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Updated: 10/26/2013 01:19:00AM

JonBenet Ramsey files revealed

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FILE - In this May 24, 2000 file photo, Patsy Ramsey and her husband, John, parents of JonBenet Ramsey, look on during a news conference in Atlanta regarding their lie-detector examinations for the murder of their daughter. A grand jury indictment issued in 1999 in the JonBenet Ramsey investigation is expected to be released Friday, Oct. 25, 2013, and should shed more light on why prosecutors decided against pursuing charges against the little girl's parents. (AP Photo/Ric Feld, File)


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A Colorado grand jury voted to indict John and Patsy Ramsey on charges of child abuse resulting in the first-degree murder of their 6-year-old daughter, JonBenet, the beauty pageant princess whose death stunned the nation, according to documents released on Friday.

A grand jury sitting in 1999 voted to bring charges against the parents, believed to be suspects in the 1996 slaying. But then-District Attorney Alex Hunter refused to sign the true bill so the charges were never brought and the parents were never prosecuted.

The grand jury acted long before new DNA evidence led Boulder District Attorney Mary Lacy to publicly exonerate and apologize to the parents in 2008.

“The DNA was not available to the grand jury in 1999,” L. Lin Wood, the Ramseys’ attorney, told the Denver Post. “What we have here is a release of a sliver of the evidence that the grand jury looked at and reviewed. It’s just based on incomplete evidence.”

JonBenet Ramsey was killed on Christmas in her Boulder, Colo., home and pictures of the pageant winner dominated the airwaves for years in part because of the contrast between the child’s brutal slaying and her beauty. The 6-year-old’s body was found in the basement of the family home hours after she was reported missing by the family. JonBenet had been strangled and struck on the head, which was fractured.

The case is being treated as a cold-case homicide, Catherine Olguin, spokeswoman for current District Attorney Stanley L. Garnett, told the Los Angeles Times. “If police bring evidence, we’ll look at that and consider the evidence. Unsolved murder cases are never closed,” she said.

Suspicion after JonBenet’s death immediately turned to the family, especially the parents. The case became a staple of talking-head cable television.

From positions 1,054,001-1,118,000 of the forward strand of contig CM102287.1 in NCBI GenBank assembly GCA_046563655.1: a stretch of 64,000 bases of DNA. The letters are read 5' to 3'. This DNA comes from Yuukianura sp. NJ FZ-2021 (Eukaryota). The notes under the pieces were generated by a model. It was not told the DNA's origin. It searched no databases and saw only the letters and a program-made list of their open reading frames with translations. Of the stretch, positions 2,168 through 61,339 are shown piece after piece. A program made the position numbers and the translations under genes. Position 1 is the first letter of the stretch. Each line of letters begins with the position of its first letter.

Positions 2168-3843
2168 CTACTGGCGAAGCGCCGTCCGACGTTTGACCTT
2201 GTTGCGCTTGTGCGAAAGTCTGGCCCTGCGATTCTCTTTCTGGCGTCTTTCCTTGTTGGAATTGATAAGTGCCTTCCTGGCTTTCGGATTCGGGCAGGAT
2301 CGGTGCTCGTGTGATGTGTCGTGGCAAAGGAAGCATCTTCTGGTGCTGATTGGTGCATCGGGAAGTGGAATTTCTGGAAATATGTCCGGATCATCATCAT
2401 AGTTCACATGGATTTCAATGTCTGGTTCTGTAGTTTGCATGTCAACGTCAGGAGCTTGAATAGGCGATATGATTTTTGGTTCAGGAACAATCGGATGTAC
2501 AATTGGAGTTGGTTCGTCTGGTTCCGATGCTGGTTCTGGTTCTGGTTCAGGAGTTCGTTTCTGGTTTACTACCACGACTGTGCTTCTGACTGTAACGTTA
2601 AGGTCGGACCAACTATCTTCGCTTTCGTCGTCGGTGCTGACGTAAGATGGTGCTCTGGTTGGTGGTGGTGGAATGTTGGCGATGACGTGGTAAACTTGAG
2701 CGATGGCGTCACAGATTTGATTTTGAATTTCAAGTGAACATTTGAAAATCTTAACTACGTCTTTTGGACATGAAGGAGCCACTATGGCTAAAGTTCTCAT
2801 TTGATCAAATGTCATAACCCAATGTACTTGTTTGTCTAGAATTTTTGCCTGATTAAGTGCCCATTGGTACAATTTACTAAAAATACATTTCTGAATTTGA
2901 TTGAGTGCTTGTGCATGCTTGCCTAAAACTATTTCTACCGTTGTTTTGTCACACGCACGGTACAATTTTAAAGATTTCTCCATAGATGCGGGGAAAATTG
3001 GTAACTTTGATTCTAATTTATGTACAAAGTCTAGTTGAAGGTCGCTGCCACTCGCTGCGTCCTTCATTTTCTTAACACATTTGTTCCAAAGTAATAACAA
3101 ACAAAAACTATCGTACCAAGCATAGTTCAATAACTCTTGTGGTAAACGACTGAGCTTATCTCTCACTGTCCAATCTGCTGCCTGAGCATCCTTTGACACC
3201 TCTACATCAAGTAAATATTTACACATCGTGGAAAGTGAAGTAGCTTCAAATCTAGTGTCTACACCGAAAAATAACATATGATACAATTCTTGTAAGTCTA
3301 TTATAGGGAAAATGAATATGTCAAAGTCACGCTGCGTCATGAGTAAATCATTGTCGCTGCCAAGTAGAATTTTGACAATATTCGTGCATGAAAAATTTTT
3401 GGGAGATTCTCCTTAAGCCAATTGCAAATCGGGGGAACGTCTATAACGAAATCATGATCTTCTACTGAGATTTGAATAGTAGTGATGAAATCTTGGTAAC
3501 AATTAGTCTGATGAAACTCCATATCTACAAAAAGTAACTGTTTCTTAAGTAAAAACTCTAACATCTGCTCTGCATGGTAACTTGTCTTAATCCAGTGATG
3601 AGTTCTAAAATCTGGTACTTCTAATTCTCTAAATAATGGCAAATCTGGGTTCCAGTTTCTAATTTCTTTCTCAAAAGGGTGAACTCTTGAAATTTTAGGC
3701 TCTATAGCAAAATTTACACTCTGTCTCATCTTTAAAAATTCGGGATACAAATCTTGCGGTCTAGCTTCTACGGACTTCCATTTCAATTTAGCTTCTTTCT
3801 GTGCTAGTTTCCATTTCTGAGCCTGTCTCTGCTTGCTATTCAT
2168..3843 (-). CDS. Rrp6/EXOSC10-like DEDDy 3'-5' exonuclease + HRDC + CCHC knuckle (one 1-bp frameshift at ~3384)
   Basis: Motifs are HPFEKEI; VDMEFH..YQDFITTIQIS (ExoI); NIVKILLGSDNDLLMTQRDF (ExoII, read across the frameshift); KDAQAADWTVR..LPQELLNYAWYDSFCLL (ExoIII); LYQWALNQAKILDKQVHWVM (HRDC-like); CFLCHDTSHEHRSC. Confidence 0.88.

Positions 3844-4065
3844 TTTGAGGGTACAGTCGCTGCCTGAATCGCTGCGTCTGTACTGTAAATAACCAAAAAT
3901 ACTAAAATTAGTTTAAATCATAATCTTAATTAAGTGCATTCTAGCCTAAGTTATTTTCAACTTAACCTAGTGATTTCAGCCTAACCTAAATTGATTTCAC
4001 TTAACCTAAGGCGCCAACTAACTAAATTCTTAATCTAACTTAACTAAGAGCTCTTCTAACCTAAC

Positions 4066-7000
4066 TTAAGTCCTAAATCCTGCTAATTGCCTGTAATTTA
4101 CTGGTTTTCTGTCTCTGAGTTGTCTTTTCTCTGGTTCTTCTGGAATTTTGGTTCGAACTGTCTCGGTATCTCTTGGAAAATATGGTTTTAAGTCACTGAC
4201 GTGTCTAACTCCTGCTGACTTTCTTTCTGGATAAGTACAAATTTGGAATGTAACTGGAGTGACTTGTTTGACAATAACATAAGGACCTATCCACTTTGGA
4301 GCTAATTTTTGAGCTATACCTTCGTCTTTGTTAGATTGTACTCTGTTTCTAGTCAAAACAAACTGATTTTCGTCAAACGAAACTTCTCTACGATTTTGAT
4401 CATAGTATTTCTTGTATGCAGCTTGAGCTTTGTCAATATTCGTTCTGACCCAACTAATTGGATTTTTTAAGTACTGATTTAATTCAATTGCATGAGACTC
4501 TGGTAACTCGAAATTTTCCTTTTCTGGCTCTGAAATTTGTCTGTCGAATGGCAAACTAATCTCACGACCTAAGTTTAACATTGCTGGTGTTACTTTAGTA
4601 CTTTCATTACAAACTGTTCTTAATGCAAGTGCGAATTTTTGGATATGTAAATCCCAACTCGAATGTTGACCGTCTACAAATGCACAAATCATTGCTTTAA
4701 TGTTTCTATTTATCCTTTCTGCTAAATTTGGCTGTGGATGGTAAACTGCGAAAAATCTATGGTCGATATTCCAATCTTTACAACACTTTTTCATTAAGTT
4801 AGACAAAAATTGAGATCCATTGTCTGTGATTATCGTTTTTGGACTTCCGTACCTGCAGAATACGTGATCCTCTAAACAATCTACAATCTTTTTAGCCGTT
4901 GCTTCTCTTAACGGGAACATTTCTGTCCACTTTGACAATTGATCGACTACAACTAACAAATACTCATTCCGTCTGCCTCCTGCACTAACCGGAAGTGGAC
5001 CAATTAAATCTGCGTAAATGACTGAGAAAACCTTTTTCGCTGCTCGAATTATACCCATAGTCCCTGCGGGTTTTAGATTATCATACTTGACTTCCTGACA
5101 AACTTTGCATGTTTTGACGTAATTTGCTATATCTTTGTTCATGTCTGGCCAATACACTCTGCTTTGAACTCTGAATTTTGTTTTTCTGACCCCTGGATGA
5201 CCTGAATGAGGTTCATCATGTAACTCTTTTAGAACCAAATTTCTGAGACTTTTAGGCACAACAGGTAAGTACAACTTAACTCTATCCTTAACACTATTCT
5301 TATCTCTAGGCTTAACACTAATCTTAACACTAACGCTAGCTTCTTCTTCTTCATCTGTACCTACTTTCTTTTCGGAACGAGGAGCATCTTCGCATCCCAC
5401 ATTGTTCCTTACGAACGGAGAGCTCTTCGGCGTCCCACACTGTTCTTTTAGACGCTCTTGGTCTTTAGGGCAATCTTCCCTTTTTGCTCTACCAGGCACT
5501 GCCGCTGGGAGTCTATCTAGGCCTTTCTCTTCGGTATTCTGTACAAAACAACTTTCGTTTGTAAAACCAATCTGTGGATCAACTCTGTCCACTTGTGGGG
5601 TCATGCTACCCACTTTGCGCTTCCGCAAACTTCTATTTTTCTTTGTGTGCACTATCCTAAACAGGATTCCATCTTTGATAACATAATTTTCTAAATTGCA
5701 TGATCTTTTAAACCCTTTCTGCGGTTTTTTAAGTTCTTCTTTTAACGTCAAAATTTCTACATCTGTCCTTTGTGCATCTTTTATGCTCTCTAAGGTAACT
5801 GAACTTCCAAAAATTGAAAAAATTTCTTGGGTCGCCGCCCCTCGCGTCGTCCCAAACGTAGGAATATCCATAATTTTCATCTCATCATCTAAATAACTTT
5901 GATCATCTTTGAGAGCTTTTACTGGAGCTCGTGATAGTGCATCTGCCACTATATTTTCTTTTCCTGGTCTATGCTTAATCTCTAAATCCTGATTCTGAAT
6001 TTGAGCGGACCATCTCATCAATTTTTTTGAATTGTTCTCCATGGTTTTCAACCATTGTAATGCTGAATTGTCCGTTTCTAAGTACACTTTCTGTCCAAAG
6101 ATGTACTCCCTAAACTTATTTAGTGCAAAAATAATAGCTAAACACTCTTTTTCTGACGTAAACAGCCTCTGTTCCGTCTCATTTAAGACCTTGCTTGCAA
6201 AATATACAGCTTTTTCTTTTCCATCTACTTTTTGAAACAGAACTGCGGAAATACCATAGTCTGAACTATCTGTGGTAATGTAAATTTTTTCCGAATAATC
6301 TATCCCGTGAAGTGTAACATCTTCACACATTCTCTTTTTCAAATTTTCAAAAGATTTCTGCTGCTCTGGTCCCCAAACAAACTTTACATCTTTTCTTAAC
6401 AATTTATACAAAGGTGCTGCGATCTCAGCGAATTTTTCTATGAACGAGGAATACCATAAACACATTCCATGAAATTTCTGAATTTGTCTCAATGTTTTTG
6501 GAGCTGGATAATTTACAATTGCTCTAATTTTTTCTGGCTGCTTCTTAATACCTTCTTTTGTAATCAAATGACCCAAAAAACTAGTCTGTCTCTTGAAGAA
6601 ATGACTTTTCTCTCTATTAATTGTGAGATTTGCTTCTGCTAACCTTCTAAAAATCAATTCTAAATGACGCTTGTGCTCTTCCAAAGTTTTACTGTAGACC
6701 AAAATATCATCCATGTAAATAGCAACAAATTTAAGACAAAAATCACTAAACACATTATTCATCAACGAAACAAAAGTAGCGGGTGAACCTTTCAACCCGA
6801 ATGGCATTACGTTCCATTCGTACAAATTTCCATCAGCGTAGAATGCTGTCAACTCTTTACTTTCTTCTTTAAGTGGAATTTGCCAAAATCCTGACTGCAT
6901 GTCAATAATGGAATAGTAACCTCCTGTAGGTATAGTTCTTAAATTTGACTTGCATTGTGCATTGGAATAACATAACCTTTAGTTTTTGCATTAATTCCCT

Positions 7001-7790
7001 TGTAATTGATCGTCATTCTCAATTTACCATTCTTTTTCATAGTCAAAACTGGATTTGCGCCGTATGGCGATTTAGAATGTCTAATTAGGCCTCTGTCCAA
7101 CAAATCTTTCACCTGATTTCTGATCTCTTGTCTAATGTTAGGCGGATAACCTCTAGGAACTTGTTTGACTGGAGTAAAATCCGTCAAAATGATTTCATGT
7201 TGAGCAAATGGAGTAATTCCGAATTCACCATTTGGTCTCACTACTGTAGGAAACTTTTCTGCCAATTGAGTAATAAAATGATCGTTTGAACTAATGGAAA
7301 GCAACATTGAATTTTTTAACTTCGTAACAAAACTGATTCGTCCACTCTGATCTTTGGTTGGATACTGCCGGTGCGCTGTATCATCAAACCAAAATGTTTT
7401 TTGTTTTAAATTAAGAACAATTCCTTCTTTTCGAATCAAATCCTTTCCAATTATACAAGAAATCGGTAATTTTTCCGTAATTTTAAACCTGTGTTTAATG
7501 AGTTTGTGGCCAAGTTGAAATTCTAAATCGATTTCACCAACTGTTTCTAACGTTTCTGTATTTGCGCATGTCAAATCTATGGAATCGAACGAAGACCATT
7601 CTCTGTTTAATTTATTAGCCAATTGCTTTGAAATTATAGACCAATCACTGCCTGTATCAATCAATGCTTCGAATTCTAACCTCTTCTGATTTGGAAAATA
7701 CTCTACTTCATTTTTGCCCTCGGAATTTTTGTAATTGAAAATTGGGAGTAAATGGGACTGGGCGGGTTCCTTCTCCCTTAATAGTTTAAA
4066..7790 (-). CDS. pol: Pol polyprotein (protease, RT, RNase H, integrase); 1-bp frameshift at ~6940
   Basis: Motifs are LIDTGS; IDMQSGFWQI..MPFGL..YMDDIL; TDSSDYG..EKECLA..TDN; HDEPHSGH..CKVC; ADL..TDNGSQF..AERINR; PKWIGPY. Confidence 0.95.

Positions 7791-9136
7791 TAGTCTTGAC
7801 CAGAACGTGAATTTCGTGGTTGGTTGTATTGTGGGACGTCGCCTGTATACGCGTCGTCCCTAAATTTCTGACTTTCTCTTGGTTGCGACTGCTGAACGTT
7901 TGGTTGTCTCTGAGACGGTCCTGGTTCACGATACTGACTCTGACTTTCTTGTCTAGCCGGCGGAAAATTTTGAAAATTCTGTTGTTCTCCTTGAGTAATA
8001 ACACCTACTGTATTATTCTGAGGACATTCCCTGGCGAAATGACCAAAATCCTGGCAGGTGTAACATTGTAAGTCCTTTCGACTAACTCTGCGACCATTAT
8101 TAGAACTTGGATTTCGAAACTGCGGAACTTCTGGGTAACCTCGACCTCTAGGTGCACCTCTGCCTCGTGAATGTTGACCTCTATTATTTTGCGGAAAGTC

The documents released Friday are a true bill voted by the grand jury. But because the district attorney never signed off, they are not technically an indictment.

Still, the charges voted by the grand jury state that the Ramseys “did unlawfully, knowingly, recklessly and feloniously permit a child to be unreasonably placed in a situation which posed a threat of injury to the child’s life or health, which resulted in the death of JonBenet Ramsey, a child under the age of sixteen.”

The documents were released in response to a lawsuit by Boulder Daily Camera reporter Charlie Brennan and the Reporters Committee for Freedom of the Press. The Camera reported earlier this year that the Boulder County grand jury voted in October 1999 to indict the Ramseys on charges of child abuse resulting in death, but Hunter refused to sign the document and prosecute the Ramseys.

Friday’s release involved only part of the grand jury’s indictment and centered on just two counts, which were identical for both of the Ramseys.

The other count said the Ramseys did “unlawfully, knowingly and feloniously render assistance to a person, with intent to hinder, delay and prevent the discovery, detention, apprehension, prosecution, conviction and punishment of such person for the commission of a crime, knowing the person being assisted has committed and was suspected of the crime of murder in the first degree and child abuse resulting in death.”

In 2008, prosecutor Lacy exonerated the child’s parents and immediate family in her death and apologized to them. She said that the DNA evidence pointed to an unknown male as JonBenet’s killer.

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